Camera: Fujifilm Finepix S8100
Sunny Crocus an Early Spring Flower.
Photo made on March 18-2010 in a Sunny garden at Heiloo, The Netherlands, Europe
Cultivation and harvesting of crocus was first documented in the Mediterranean, notably on the island of Crete. Frescos are extant at the Knossos site on Crete as well as from a comparably aged site on Santorini.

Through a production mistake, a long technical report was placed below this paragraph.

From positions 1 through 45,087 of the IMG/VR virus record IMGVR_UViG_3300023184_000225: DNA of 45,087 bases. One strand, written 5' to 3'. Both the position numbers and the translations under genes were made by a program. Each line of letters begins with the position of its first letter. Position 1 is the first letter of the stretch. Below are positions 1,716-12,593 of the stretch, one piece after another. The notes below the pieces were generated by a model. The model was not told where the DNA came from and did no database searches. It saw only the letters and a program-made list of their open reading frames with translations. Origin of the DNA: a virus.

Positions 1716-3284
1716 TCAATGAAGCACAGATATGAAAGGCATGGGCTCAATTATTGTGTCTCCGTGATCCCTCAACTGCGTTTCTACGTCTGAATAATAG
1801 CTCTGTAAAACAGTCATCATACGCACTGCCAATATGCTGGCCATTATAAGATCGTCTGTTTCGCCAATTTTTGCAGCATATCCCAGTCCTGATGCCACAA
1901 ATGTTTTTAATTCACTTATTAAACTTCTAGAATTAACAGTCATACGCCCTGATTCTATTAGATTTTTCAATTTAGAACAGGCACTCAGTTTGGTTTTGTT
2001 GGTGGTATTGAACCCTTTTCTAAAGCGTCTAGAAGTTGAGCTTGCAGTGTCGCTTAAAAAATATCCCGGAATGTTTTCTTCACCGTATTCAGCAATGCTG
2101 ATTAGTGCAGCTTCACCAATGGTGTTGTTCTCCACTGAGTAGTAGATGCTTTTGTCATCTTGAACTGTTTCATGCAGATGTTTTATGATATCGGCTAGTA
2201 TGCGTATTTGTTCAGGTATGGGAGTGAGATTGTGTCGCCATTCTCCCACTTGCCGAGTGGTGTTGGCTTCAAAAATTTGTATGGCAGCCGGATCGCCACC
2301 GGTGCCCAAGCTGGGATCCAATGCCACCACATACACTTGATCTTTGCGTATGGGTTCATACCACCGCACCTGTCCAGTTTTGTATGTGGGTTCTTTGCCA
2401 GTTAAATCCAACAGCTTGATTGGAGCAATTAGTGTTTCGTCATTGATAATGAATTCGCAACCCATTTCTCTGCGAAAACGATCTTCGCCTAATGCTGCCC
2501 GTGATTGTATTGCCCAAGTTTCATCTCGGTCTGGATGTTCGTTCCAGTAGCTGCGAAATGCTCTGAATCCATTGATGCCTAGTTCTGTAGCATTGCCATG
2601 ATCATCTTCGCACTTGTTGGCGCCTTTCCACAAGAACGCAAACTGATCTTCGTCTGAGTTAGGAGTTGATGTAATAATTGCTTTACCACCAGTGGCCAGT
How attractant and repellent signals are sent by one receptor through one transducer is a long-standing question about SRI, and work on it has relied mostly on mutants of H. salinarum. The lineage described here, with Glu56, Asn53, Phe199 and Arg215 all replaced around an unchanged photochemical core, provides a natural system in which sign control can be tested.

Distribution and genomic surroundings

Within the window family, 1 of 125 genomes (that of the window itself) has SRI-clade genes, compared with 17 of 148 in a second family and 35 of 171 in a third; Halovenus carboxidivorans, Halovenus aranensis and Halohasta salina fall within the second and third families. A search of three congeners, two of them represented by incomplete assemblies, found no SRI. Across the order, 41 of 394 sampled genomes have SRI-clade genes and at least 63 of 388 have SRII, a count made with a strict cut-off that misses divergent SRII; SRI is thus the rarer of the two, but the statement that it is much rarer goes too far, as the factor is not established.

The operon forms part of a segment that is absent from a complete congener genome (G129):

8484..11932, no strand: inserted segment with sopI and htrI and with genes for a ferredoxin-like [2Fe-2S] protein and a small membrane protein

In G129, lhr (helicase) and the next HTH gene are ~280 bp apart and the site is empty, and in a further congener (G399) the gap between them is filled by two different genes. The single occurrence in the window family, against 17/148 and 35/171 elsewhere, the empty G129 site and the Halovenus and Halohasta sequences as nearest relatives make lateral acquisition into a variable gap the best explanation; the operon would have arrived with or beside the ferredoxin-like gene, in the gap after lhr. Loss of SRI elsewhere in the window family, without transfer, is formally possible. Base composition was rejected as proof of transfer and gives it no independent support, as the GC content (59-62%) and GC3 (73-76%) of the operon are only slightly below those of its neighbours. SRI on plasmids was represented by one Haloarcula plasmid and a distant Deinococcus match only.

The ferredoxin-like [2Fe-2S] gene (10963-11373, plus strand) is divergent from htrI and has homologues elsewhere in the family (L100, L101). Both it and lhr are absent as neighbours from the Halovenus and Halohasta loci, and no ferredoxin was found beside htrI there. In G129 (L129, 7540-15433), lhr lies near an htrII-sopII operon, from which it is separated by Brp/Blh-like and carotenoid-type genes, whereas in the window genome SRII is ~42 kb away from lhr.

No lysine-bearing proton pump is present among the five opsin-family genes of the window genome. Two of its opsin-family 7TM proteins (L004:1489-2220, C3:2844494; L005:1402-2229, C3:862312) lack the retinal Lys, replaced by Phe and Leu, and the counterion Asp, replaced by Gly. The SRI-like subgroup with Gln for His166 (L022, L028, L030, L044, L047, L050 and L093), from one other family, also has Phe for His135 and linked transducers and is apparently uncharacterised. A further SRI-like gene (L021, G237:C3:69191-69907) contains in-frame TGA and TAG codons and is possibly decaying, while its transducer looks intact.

The first crocus seen in the Netherlands, where Crocus species are not native, were from corms brought back from Constantinople by the Holy Roman Emperor’s ambassador to the Sublime Porte, Ogier Ghiselin de Busbecq, in the 1560s. A few corms were forwarded to Carolus Clusius at the botanical garden in Leiden. By 1620, the approximate date of Ambrosius Bosschaert’s painting, new garden varieties had been developed, such as the cream-colored crocus feathered with bronze at the base of the bouquet, similar to varieties still in the market. Bosschaert, working from a preparatory drawing to paint his composed piece, which spans the whole of Spring, exaggerated the crocus so that it passes for a tulip, but its narrow, grasslike leaves give it away.